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Are You in Denial?  …Let Us Help

As an audiologist, my job is to help people with hearing loss improve their quality of life. I would love to see everyone with hearing loss take advantage of treatment with hearing aids. I know the benefits that our patients receive when fitted properly with amplification. Unfortunately, the vast majority of adults do not seek help for their hearing loss.  Why? Maybe because they feel that hearing aids will make them look “old.” Maybe they don’t realize how much hearing loss they actually have. Maybe they don’t know the many negative effects that untreated hearing loss can have on their overall health and well-being. Maybe it’s a combination of all of these things.  I am going to address all three of these issues. I hope that you continue reading and will think about why you or your loved one continues to live with hearing loss.

Do you think your hearing aids will make you look old? Is it because you associate hearing loss with old age? Yes, we do lose hearing as we get older, but you may be surprised to find out that the majority of people with hearing loss are under the age of 65. Aging is not the only cause of hearing loss. Prolonged exposure to noisy environments and genetics also play a major role in your hearing. I would bet that your hearing loss is more noticeable than you may think. You may be laughing inappropriately at something you think you heard. You may just nod and smile when you aren’t sure what someone is saying to you. People may think you are confused when the truth is you just didn’t hear what they said. These days, so many people, young and old, are wearing ear pieces for their cell phones or audio players that your hearing aids will be less noticeable than your hearing loss.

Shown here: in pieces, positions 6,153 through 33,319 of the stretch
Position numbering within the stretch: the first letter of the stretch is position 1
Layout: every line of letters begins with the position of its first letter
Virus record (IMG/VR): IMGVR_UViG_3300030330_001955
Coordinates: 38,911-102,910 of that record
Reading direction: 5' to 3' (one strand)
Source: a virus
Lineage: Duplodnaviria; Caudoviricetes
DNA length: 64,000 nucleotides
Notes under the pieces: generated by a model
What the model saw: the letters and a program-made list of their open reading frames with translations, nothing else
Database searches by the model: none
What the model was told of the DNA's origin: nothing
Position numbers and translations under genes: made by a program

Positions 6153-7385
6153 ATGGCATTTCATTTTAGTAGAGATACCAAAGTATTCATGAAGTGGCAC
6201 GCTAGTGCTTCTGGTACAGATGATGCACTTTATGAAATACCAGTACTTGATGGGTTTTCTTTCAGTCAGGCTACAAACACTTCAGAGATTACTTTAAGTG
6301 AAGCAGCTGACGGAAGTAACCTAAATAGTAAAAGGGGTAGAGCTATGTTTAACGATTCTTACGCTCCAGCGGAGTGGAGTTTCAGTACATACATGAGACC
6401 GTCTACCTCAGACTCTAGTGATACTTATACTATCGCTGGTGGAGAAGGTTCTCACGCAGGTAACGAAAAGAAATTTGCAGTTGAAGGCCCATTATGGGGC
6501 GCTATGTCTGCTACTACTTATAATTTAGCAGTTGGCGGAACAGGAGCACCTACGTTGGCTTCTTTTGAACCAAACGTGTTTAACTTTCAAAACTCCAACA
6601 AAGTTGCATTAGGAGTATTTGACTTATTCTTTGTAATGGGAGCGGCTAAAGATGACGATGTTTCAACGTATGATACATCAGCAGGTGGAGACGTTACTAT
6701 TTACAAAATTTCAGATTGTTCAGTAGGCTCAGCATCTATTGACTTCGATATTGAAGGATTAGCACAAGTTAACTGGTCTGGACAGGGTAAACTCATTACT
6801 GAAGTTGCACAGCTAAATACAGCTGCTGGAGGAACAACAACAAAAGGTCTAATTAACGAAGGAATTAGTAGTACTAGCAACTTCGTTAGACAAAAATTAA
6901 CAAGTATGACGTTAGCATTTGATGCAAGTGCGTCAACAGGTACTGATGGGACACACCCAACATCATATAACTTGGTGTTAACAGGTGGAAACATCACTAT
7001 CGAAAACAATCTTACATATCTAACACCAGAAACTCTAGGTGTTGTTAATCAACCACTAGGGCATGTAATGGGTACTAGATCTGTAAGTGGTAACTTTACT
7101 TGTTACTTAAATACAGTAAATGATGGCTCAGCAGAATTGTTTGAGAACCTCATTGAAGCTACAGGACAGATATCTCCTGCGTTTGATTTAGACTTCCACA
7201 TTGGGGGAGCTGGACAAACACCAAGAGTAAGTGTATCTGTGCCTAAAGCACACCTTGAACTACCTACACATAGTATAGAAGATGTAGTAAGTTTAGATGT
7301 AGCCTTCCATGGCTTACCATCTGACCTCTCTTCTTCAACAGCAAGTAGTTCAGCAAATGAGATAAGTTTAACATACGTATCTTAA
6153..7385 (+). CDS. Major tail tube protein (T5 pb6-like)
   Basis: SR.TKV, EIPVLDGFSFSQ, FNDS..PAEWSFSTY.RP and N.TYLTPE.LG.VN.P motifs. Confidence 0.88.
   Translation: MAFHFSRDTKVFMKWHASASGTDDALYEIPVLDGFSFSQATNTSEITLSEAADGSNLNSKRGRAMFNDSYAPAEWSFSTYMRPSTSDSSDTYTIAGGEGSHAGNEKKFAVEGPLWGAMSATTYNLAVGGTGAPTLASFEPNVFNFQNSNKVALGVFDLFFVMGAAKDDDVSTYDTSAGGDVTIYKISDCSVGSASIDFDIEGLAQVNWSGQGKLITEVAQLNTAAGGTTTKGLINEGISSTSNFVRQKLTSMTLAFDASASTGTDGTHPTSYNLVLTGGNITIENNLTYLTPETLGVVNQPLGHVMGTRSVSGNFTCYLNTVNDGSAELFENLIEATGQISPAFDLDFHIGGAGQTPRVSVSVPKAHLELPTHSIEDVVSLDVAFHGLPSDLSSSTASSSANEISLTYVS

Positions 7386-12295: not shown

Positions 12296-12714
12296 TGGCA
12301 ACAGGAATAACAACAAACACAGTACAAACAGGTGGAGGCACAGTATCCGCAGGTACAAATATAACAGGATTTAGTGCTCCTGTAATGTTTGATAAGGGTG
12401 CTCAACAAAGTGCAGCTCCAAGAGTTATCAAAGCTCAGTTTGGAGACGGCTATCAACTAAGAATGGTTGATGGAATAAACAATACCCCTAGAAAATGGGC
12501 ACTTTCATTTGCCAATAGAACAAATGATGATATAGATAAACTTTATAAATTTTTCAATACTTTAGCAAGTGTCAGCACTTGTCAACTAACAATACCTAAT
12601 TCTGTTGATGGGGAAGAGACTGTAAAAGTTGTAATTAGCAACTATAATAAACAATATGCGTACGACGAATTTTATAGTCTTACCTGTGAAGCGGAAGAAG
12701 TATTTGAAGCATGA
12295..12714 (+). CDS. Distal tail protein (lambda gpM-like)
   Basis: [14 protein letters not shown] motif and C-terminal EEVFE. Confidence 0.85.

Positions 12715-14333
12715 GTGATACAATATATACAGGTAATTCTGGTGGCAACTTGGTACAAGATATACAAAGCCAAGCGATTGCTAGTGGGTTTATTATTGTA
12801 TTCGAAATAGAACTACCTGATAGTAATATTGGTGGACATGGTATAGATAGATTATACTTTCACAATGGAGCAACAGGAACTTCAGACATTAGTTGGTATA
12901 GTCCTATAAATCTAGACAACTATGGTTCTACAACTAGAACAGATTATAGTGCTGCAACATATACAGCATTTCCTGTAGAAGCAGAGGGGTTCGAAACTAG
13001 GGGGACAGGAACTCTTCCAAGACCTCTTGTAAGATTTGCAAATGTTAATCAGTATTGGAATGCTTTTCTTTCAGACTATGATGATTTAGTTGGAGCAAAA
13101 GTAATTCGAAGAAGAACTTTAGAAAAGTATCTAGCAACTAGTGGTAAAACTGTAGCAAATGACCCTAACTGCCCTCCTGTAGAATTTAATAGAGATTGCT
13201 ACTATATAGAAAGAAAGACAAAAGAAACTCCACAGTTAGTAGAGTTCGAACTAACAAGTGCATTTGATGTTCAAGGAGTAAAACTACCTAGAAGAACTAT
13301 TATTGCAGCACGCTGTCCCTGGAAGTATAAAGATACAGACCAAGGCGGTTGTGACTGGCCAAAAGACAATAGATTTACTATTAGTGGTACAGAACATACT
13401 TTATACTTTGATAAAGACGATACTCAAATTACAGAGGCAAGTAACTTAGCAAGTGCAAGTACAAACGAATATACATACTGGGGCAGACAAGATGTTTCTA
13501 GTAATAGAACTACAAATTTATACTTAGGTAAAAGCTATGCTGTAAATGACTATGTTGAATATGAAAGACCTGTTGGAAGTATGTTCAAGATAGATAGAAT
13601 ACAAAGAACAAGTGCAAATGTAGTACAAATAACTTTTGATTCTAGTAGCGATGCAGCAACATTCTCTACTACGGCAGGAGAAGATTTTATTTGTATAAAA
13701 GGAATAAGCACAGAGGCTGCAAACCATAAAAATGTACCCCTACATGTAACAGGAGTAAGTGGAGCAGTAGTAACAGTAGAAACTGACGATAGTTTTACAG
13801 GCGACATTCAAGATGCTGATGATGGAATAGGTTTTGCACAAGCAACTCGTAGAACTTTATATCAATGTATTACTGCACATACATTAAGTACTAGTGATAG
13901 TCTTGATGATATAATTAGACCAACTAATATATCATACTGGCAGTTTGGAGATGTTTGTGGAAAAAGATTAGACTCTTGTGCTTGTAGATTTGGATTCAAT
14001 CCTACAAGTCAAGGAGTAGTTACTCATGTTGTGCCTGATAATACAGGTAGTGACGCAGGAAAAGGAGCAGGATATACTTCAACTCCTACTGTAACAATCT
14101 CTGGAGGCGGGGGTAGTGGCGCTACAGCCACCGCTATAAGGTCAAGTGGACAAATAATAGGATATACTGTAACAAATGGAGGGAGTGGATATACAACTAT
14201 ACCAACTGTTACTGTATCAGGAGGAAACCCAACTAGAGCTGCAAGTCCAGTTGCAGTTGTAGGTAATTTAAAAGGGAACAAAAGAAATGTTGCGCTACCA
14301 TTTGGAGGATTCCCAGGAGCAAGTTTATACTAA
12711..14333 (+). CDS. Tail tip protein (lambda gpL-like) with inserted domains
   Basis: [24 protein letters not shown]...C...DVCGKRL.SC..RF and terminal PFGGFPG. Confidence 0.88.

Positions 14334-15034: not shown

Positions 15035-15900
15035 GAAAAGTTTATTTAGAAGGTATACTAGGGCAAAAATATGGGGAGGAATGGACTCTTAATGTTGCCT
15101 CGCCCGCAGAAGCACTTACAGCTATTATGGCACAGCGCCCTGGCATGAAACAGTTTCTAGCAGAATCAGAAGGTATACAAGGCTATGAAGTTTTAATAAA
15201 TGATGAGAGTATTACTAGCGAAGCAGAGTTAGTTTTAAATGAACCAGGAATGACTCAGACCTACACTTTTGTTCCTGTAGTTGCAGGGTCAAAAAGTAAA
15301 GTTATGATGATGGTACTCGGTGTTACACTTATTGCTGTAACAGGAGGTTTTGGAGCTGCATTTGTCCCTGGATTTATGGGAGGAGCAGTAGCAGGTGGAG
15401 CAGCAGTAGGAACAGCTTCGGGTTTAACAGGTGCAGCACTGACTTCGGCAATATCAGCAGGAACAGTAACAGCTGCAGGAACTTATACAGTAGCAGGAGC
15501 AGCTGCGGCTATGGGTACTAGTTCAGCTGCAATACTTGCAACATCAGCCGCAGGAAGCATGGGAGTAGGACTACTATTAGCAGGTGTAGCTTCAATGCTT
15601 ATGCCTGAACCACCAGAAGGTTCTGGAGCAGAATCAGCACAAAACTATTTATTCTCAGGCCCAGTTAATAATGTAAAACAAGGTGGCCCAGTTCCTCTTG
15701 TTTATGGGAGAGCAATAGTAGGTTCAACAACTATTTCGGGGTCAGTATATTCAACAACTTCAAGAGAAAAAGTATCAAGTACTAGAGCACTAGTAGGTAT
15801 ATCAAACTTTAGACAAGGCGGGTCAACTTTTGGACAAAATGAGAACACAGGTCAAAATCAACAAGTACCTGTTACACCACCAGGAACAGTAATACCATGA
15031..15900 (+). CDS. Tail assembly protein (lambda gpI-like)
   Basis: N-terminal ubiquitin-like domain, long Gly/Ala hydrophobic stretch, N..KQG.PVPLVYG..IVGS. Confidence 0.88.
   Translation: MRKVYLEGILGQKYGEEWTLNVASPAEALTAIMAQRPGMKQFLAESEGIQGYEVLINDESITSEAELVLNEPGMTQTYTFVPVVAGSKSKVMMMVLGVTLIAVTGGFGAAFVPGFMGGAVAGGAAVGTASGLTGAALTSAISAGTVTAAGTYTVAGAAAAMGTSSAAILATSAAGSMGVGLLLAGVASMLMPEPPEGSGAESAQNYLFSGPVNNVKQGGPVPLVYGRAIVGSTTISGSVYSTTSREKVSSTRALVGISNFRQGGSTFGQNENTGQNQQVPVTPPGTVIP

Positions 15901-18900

Do you think your hearing is ok? Maybe you think that people are mumbling or not speaking clearly. Most hearing loss affects the pitches where consonant sounds are located. When you can’t hear those consonant sounds well, it can sound like people are mumbling. We lose our hearing so gradually, that it might not be noticeable to you, or you might ignore it until it becomes too significant to ignore. Don't wait too long – the earlier you receive treatment, the easier it will be to adjust to your new hearing aids. Think about how your hearing loss is affecting your loved ones. Are they complaining that you have the television up too loudly, or are they frustrated about constantly needing to repeat themselves? The only way to know if you have hearing loss is to have a complete hearing evaluation.

Hearing loss affects more than just your ability to hear and understand speech correctly. It can lead to depression, isolation and fatigue, and is associated with decreased cognitive function. The good news is that people who treat their loss with hearing aids report an improvement in quality of life for both themselves and their spouses (Kochkin & Rogin, 2000). The National Council on the Aging found that hearing aid users reported improvements in their personal relationships, mental health, sense of safety and self-confidence. At Medical Hearing Aid Center, we are dedicated to working with our patients on an individual basis to find the best solutions for their needs.